|Q33. What are your views on the issues and rules around submitting examples of impact in REF 2021 that were returned in REF 2014?
|We consider that some element of additionality should be necessary to the repeated submission of an impact case study. The essence of impact is change, so new impact should represent the ‘gold standard’ whereas ‘continuing’ impact, while valuable, should have to demonstrate some further resultant outcomes, further developmental changes, and/or new audiences – or larger audiences – reached. Impact is often not apparent until long after research has taken place and may require a sustained period of time to come to its full flowering. 2021 Panels should be informed if impact case studies were submitted in 2014, and tasked with ensuring differentiating new and ‘continuing’ impact.
|Q34a. Do you agree with the proposal to change the structure of the environment template by introducing more quantitative data into this aspect of the assessment?
In our recollection the environment section assessment was already significantly structured around research income and, less so, PGR completions. The step-changes in environment scores largely followed the research income. Accordingly, much as we support the incorporation of well-evidenced material into the environment template, it is difficult to see what would plausibly supplant (or complement) the existing data. Process measures (eg. number of ECRs awarded sabbaticals) are interesting, but less valuable than outcome measures.
|Q34b. Do you have suggestions of data already held by institutions that would provide panels with a valuable insight into the research environment?
|Q35. Do you have any comment on the ways in which the environment element can give more recognition to universities’ collaboration beyond higher education?
|Q36. Do you agree with the proposals for providing additional credit to units for open access?
We disagree, the current issue of Open Access concerns primarily transitional arrangements, this is not likely to be an issue in any future REFs and we are not convinced it is an appropriate use of the REF assessment.
|Q37. What comments do you have on ways to incentivise units to share and manage their research data more effectively ?
|Q38. What are your views on the introduction of institutional level assessment of impact and environment?
|We are not averse to the suggestion about the submission of institutional level impact case studies but don’t see why this should be mandatory and not be for institutions to decide for themselves – offset against the numbers of ICS submissions each HEI would requires. There is, maybe, a recognition that institutional ICSs will be stronger, which should provide enough incentive for HEIs to supply them, up to a maximum of (perhaps) 10% of their overall ICS quota.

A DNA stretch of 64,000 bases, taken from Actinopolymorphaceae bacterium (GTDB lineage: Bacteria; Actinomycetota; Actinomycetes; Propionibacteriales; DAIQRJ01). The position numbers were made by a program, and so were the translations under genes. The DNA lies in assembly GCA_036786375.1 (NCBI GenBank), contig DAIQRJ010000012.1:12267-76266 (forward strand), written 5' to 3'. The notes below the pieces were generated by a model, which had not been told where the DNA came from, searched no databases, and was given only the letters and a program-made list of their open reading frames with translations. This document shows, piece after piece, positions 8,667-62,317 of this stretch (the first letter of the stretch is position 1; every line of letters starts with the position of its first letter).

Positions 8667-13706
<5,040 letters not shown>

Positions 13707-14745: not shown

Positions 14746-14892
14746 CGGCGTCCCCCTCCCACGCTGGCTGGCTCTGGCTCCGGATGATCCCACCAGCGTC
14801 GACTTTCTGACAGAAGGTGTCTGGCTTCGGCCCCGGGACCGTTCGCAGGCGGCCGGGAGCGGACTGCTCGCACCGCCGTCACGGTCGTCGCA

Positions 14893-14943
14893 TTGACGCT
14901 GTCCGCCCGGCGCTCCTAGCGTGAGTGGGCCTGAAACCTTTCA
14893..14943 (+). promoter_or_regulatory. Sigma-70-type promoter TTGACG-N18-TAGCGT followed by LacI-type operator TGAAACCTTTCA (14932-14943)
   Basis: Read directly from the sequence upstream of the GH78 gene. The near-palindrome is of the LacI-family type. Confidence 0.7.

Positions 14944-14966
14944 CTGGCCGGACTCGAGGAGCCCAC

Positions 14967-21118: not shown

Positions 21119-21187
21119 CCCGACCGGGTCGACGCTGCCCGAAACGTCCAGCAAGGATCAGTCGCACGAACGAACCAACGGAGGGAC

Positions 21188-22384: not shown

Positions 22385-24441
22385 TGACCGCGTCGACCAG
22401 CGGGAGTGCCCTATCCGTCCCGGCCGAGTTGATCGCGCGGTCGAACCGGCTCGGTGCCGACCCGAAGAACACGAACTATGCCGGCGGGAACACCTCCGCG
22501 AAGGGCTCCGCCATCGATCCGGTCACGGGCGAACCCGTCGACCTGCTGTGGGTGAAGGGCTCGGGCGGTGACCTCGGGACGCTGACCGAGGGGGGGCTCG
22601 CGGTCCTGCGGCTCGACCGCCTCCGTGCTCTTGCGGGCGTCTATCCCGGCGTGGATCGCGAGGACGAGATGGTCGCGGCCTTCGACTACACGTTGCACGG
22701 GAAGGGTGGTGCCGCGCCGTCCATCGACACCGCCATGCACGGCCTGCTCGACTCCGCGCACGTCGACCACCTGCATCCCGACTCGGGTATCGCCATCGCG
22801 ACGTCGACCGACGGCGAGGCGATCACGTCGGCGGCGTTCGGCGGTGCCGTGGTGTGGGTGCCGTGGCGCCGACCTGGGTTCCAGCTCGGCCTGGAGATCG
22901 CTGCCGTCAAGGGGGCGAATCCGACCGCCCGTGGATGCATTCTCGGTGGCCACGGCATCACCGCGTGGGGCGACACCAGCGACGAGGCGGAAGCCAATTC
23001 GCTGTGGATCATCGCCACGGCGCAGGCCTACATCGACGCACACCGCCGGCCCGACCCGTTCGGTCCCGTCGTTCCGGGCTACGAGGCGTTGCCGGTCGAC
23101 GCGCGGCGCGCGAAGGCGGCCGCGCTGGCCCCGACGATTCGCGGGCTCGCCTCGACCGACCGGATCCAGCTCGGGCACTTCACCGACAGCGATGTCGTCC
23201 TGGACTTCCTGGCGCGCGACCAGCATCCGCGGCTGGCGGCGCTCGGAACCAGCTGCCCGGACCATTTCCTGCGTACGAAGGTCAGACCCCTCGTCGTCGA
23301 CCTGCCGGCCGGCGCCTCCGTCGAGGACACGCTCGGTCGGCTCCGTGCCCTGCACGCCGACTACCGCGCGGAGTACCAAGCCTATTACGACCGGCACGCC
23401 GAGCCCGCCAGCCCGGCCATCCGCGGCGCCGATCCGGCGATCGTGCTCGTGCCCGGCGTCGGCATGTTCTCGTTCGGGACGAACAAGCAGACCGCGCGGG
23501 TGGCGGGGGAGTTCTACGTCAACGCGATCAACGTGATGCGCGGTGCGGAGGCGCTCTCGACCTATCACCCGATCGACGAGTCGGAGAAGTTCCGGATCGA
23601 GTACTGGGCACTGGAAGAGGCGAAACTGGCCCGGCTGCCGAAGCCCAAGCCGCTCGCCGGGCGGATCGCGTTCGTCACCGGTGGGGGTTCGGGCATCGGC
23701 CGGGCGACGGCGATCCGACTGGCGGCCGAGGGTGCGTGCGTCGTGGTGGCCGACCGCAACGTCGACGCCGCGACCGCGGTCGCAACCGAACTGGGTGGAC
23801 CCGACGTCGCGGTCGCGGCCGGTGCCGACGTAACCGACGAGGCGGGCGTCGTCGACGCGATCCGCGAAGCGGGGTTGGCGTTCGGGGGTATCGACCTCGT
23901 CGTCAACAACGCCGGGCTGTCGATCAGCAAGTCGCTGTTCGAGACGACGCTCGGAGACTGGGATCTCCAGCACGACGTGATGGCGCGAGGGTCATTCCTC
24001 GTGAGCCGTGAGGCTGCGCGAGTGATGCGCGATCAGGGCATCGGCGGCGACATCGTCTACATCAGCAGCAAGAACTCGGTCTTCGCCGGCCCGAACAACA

|Q39. Do you have any comments on the factors that should be considered when piloting an institutional level assessment?
|The strength of the REF assessment process is the transparent and evidential foundation upon which it stands. Movement in the direction of institutional assessment has the potential to move worryingly closer to untestable, relatively opaque and perhaps more ‘reputational’ claims. Accordingly we are sceptical about such developments.
|Q40. What comments do you have on the proposed approach to creating the overall quality profile for each submission?
|On balance, we would support the most robust, transparent and clearly evidenced arrangement of quality weightings. Output weightings to remain at 65%; Impact weightings could stay as they are or rise to 25%, leaving Environment with either 10 or 15%. This balance across the three elements of the REF seems entirely appropriate given the fact that the Environment narrative describes processes and is the most susceptible to reputational interpretation, whereas Outputs and Impact are both outcomes, and therefore the real issues for a research assessment methodology.
|Q41. Given the proposal that the weighting for outputs remain at 65 per cent, do you agree that the overall weighting for impact should remain at 20 per cent?
Or be raised to 25% – see answer to qu 40
|Q42. Do you agree with the proposed split of the weightings between the institutional and submission level elements of impact and environment?
As per our argument in question 40, we do not agree with the proposed splitting identified in the Figure 1, (page 29) making institutional impact submission mandatory (which we have already rejected – response to Q38, above) but would prefer the REF2014 model 65/20/15, or the variation 65/25/10.
|Q43. What comments do you have on the proposed timetable for REF 2021?
|We are content with the proposed timetable
|Q44. Are there proposals not referred to above, or captured in your response so far, that you feel should be considered? If so, what are they and what is the rationale for their inclusion?
|Except in specific cases already identified we would broadly support relatively little change as possible from the arrangements established for REF2014 which worked well and secured the broad confidence of the academic community. In order for there to be meaningful comparison between REF2014 and REF2021, there needs to be as little as possible change.
However, that said, with our discipline specific focus in this submission, we nevertheless strongly reiterate the need for the strength of our discipline, Criminology, to be appropriately reflected in the REF Panel structure in a sub-panel title.